I kept thinking about that collage, which was, in fact, a rather popular thing to put together then. A very hip friend of mine in the dorm, a girl who insisted on wearing sandals all winter, minus socks even, had done the same thing, searching through various publications—Life magazine always a good bet—for pictures that would make years of people and experience leap out of the wall with an electric, exuberant force. But it was doubly remarkable, there in the Sunderlands’ bathroom. Because it was very cool, making one of those, a wall flooded with various cultural heroes, people off the grid inventing whole new grids. I was sure something odd and quirky remained in those Sunderlands after all, something of the rebel. Here was evidence. Maybe Ned was at the heart of that. At least, on the wall he was.

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Announcing NER 36.2

With its focus on China, NER 36.2 brings us up close to an old, new world of art and history, nature and poetry. Also in this issue, we traverse our own country from the Atlantic to the Pacific with authors as they remember collective pasts, brave their own presents, and escort the most foreign of foreigners from our halls of ivy to our backroads theaters. The new issue of NER has just shipped from the printer and a preview is available on our website. Order a print or digital copy today!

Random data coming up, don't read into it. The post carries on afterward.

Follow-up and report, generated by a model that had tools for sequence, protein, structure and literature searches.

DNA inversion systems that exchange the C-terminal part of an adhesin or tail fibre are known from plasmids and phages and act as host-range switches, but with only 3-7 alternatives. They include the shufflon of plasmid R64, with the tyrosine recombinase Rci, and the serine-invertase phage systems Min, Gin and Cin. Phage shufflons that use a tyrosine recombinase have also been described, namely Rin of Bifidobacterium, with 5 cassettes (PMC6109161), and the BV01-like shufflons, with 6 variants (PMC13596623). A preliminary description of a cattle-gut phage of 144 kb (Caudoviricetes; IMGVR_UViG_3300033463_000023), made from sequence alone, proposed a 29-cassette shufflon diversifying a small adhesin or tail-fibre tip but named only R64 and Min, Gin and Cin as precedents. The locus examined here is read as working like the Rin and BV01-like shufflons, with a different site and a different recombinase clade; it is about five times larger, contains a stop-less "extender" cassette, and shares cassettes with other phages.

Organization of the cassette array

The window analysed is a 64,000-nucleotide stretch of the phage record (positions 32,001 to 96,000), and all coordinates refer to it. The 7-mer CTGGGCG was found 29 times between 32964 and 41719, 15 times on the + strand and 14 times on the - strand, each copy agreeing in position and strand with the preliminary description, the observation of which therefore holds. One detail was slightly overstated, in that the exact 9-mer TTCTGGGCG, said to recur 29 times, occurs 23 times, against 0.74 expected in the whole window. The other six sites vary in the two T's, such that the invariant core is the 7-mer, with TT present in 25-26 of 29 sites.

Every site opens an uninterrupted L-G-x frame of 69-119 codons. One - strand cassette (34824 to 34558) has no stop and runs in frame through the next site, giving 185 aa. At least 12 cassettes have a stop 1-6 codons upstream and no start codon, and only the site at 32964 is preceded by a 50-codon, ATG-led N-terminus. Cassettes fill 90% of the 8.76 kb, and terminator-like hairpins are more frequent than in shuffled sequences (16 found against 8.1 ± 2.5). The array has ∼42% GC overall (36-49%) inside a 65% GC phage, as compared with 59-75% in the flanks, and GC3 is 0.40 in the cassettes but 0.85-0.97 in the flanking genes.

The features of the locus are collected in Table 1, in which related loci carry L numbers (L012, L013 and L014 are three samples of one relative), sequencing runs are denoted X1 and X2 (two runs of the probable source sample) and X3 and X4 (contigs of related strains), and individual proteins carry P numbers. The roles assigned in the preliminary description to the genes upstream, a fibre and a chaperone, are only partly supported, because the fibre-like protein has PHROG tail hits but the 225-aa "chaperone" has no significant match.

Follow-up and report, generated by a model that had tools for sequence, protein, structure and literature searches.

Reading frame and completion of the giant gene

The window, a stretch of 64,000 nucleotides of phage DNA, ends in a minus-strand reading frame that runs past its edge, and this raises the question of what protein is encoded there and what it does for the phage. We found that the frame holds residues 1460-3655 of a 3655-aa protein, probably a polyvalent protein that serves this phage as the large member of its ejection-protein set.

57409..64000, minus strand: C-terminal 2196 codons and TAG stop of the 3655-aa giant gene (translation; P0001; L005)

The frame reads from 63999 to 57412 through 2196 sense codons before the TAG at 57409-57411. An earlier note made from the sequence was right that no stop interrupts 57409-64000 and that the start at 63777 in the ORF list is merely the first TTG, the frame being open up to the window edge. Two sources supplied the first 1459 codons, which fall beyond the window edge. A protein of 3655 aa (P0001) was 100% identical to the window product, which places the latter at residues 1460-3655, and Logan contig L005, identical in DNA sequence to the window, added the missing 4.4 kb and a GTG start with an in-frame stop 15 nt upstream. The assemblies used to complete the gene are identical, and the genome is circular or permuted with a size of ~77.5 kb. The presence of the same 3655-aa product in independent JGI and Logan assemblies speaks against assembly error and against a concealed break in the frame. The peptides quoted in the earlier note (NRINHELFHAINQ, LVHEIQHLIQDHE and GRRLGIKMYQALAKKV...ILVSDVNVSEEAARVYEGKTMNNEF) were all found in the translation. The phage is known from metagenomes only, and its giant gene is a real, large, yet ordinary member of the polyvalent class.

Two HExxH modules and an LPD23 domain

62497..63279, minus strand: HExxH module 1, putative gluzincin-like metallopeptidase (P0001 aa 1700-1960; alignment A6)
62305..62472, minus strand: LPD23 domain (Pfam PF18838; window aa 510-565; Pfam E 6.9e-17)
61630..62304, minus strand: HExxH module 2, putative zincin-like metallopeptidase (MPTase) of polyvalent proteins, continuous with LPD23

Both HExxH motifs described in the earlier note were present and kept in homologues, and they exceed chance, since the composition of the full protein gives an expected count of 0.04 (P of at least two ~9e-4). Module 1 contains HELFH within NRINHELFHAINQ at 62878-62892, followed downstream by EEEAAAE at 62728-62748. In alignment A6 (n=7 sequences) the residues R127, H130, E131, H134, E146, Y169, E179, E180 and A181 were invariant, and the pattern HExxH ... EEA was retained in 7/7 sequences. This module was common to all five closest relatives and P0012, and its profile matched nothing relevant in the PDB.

Kazim Ali • David Baker • Christopher Bakken • Joshua Bennett • Bruce Bond • Luisa A. Igloria • Vandana Khanna • Rickey Laurentiis • Katrina Roberts • Ed Skoog • Xiao Kaiyu (translated by Christopher Lukpe) • Ya Shi (translated by Nick Admussen) • Yin Lichuan (translated by Fiona Sze-Lorrain)


Steve De Jarnatt • Joann Kobin • Carla Panciera • Sharon Solwitz • Michael X. Wang.


Wei An’s ruminations on nature just north of Beijing (translated by Thomas Moran)
Wendy Willis on Ai Weiwei’s blockbuster show at Alcatraz
Marianne Boruch discovers the diagnostic value of poetry
• Interpreter Eric Wilson relives the encounters of a Faeroese poet with American activists, academics, and alcohol
• James Naremore considers the considerable Orson Welles at 100, looking beyond Citizen Kane
• Jeff Staiger makes a case for how The Pale King was to have trumped Infinite Jest
• Camille T. Dungy is more than welcomed to Presque Isle as she finds herself in Maine’s early history
• “The Gloomy Dean” William Ralph Inge revisits Rome under the Caesars

Order a copy in print or digital formats for all devices.


Mid-Week Break | Marianne Boruch Reads at Bread Loaf

Marianne Boruch reads her poems at the Bread Loaf Writers’ Conference.



“Mud Fest”


Marianne Boruch‘s eight poetry collections include Cadaver, Speak, and The Book of Hours, a Kingsley-Tufts Poetry Award winner (Copper Canyon Press). She’s also the author of two essay collections, In the Blue Pharmacy and Poetry’s Old Air, and a memoir, The Glimpse Traveler about hitchhiking in the early 70’s.